Ebola patient worked on Island
A health worker who this week became the first person on British soil to have Ebola diagnosed also served for a number of years as a nurse in Bermuda.
Ebola, which has claimed nearly 7,000 lives in West Africa, infected more than 20,000 people over the course of 2014. The present outbreak is the worst epidemic of the virus yet seen.
Scottish nurse Pauline Cafferkey, a National Health Service worker, had been helping to treat the disease in Sierra Leone, where she travelled with a team from the group Save the Children.
She had flown back to Glasgow last Sunday aboard a British Airways flight and subsequently developed symptoms of the disease, which typically begin with sudden fever, headache, fatigue and a sore throat.
Ebola was diagnosed on Monday and Ms Cafferkey is now being treated in a secure unit in London’s Royal Free Hospital. According to Nicola Sturgeon, the First Minister of Scotland, Ms Cafferkey was doing “as well as can be expected”.
Once her photograph appeared in world media, old friends of Ms Cafferkey recognised her face.
The Bermuda Hospitals Board has confirmed that a Pauline Cafferkey had worked as a nurse in King Edward VII Memorial Hospital’s Cooper Ward from September 2005 to February 2007. A friend of Ms Cafferkey from her time on the Island said: “I first met Pauline way back in 2006 through rugby and she was one of the first friends I made in Bermuda.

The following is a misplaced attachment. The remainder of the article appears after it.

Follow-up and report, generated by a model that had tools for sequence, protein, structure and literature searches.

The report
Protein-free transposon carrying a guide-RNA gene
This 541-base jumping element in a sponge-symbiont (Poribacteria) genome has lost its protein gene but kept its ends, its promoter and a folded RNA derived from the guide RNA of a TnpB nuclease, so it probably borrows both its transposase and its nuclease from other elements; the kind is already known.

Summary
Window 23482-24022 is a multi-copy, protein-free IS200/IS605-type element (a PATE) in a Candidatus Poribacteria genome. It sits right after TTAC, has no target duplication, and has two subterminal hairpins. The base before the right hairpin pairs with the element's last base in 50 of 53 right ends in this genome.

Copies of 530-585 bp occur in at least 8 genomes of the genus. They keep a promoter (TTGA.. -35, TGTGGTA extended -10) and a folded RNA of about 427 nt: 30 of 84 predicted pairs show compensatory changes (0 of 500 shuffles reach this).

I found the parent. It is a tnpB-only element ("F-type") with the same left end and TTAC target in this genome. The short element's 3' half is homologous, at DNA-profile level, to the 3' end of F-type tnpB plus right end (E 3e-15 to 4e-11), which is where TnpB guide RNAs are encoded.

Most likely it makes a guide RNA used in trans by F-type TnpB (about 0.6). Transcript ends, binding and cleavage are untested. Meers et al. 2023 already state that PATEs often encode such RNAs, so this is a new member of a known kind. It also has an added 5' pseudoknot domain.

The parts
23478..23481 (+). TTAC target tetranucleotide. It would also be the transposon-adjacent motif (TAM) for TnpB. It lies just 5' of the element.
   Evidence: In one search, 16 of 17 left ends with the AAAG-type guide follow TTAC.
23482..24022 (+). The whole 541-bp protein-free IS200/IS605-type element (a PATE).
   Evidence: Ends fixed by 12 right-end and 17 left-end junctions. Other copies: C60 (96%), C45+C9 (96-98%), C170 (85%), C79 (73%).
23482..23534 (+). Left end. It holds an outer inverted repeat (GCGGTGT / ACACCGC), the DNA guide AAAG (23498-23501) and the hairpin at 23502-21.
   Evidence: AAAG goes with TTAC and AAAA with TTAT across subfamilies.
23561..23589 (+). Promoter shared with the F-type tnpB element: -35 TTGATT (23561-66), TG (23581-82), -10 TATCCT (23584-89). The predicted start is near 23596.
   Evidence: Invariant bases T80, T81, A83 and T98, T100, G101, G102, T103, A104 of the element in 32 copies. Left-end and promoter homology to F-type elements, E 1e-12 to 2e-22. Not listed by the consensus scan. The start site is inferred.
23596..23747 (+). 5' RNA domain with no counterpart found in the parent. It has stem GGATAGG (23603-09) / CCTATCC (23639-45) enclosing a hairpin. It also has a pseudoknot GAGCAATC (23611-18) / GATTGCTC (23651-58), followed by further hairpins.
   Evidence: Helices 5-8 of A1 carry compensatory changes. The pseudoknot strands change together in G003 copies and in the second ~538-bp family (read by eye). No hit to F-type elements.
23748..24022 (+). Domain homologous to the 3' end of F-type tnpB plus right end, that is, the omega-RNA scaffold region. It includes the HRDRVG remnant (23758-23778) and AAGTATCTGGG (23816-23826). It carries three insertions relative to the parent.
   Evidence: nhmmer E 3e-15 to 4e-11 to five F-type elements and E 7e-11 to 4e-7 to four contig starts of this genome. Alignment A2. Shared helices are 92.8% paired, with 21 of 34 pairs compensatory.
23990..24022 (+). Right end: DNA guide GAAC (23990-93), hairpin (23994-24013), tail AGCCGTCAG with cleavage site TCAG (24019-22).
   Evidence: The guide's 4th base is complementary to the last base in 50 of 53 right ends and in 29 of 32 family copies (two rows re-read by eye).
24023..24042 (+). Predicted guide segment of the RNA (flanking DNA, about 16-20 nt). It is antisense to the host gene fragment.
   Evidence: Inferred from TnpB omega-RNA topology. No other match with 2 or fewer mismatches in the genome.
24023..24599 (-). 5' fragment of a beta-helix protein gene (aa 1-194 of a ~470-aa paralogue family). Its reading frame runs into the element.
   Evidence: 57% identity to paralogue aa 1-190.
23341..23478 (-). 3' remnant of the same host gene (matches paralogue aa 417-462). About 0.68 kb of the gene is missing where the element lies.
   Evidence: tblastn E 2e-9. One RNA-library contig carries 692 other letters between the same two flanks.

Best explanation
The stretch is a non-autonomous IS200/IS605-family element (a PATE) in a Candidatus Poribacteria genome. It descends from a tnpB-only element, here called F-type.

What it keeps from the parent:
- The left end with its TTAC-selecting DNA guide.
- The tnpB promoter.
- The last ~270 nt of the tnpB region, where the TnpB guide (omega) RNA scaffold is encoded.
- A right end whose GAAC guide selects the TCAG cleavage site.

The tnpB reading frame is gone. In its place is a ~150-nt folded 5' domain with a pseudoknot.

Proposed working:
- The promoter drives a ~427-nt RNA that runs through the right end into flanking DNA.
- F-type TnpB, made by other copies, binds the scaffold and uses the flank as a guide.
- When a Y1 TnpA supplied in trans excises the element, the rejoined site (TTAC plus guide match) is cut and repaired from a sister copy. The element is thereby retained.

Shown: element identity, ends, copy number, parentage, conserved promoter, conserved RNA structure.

“I remember her to be loads of fun and very happy go lucky.”
During her time in Bermuda, Ms Cafferkey played for Mariners.
Ebola is a dangerous virus spread by direct contact with the bodily fluids of an infected person, or by contact with a recently contaminated surface. A variety of factors have hampered international efforts to contain the epidemic, which has hit the West African nations of Sierra Leone, Liberia and Guinea worst of all.
Although no specific treatment or vaccine has been developed, BBC News reported that Ms Cafferkey is being given blood plasma from British nurse William Pooley, who has recovered from the virus and whose antibodies may help to combat the infection.
A small number of infected persons have inadvertently carried the virus by travelling out of Africa. It can take up to 21 days for symptoms of the disease to show.
Bermuda has adopted its own health screening policy for persons arriving from Ebola-affected countries, with officials at LF Wade International Airport screening arriving passengers and checking their travel history.